Key words: Breed traceability; Genetic traceability; Single nucleotide polymorphism; Chinese cattle; Argentine cattle.


La trazabilidad genética, la cual se basa en la identificación de animales y sus productos, permite la identificación individual, racial o de especie. Esta metodología es útil para detectar fraudes y valorizar producciones locales. Para llevar a cabo la trazabilidad es necesario definir los grupos raciales a analizar y el panel de marcadores más apropiados a utilizar. La selección de marcadores depende de la distribución de las frecuencias génicas, de la distancia genética entre las razas y de la presencia de alelos privativos. El objetivo de este trabajo consistió en evaluar seis polimorfismos de nucleótido simple (SNPs) ubicados en los genes DGAT1, TG, LEP, GH, FABP4 y GnRHR como posibles marcadores genéticos apropiados para ser incluidos en un panel de trazabilidad para la identificación de la raza de origen en el contexto de la comercialización de carne bovina. Los resultados de la caracterización genética de cuatro de las principales poblaciones bovinas chinas y de las razas más importantes de nuestro país (cinco Bos taurus y dos B. indicus) sugieren que los marcadores estudiados pueden ser utilizados exitosamente como parte de un sistema de trazabilidad efectivo para identificar el origen de la carne bovina en el contexto de la importación de carne en el mercado chino y en particular en el comercio entre Argentina y China.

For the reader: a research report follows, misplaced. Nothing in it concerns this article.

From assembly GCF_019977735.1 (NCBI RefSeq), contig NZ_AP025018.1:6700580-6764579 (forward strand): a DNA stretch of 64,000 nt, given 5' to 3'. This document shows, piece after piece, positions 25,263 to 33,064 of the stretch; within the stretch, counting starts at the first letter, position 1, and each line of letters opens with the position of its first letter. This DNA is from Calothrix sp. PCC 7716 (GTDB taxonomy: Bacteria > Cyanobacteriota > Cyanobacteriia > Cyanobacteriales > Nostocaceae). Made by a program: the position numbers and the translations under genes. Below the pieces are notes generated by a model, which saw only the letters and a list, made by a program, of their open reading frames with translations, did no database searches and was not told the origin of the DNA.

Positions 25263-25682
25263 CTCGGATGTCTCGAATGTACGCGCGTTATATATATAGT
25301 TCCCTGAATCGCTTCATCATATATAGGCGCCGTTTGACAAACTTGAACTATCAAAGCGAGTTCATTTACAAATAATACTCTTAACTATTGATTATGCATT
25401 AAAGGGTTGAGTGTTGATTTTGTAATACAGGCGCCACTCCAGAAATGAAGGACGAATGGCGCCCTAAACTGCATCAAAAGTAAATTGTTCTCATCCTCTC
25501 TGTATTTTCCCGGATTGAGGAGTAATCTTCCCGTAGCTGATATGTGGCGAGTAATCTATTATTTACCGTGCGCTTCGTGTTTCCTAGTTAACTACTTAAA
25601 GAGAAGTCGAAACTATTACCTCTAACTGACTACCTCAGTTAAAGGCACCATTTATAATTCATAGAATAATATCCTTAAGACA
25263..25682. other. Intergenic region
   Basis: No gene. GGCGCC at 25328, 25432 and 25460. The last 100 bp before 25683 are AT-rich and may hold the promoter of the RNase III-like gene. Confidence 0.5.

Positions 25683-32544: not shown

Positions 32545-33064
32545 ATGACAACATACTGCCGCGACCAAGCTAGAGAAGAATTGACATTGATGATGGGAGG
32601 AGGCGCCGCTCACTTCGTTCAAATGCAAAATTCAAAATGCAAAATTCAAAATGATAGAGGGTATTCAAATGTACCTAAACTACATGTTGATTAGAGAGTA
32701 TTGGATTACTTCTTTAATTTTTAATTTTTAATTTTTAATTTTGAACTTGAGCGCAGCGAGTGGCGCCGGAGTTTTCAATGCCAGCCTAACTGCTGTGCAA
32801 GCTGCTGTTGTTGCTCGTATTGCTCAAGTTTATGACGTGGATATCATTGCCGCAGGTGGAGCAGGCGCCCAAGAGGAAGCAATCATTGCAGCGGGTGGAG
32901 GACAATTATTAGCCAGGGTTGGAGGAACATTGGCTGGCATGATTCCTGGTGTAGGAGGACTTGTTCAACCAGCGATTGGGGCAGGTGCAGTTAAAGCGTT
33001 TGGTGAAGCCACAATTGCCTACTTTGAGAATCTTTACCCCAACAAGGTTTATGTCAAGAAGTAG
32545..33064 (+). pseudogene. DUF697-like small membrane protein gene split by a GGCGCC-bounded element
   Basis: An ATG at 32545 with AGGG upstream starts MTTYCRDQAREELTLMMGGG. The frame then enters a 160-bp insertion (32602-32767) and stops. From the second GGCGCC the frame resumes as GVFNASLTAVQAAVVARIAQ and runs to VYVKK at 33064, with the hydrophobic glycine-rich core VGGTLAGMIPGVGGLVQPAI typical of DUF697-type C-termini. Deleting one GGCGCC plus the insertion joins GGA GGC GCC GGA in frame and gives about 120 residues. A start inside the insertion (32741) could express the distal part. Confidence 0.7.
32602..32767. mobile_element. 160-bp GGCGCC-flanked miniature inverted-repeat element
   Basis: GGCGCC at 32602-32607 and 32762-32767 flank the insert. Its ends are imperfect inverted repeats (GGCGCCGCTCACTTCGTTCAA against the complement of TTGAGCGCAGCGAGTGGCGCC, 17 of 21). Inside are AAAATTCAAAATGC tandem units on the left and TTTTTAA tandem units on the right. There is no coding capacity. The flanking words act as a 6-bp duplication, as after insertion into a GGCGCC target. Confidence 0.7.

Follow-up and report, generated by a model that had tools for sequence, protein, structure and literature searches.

Palabras clave: Trazabilidad; Polimorfismo de nucleótido simple; Ganado chino; Ganado argentino; Comercialización.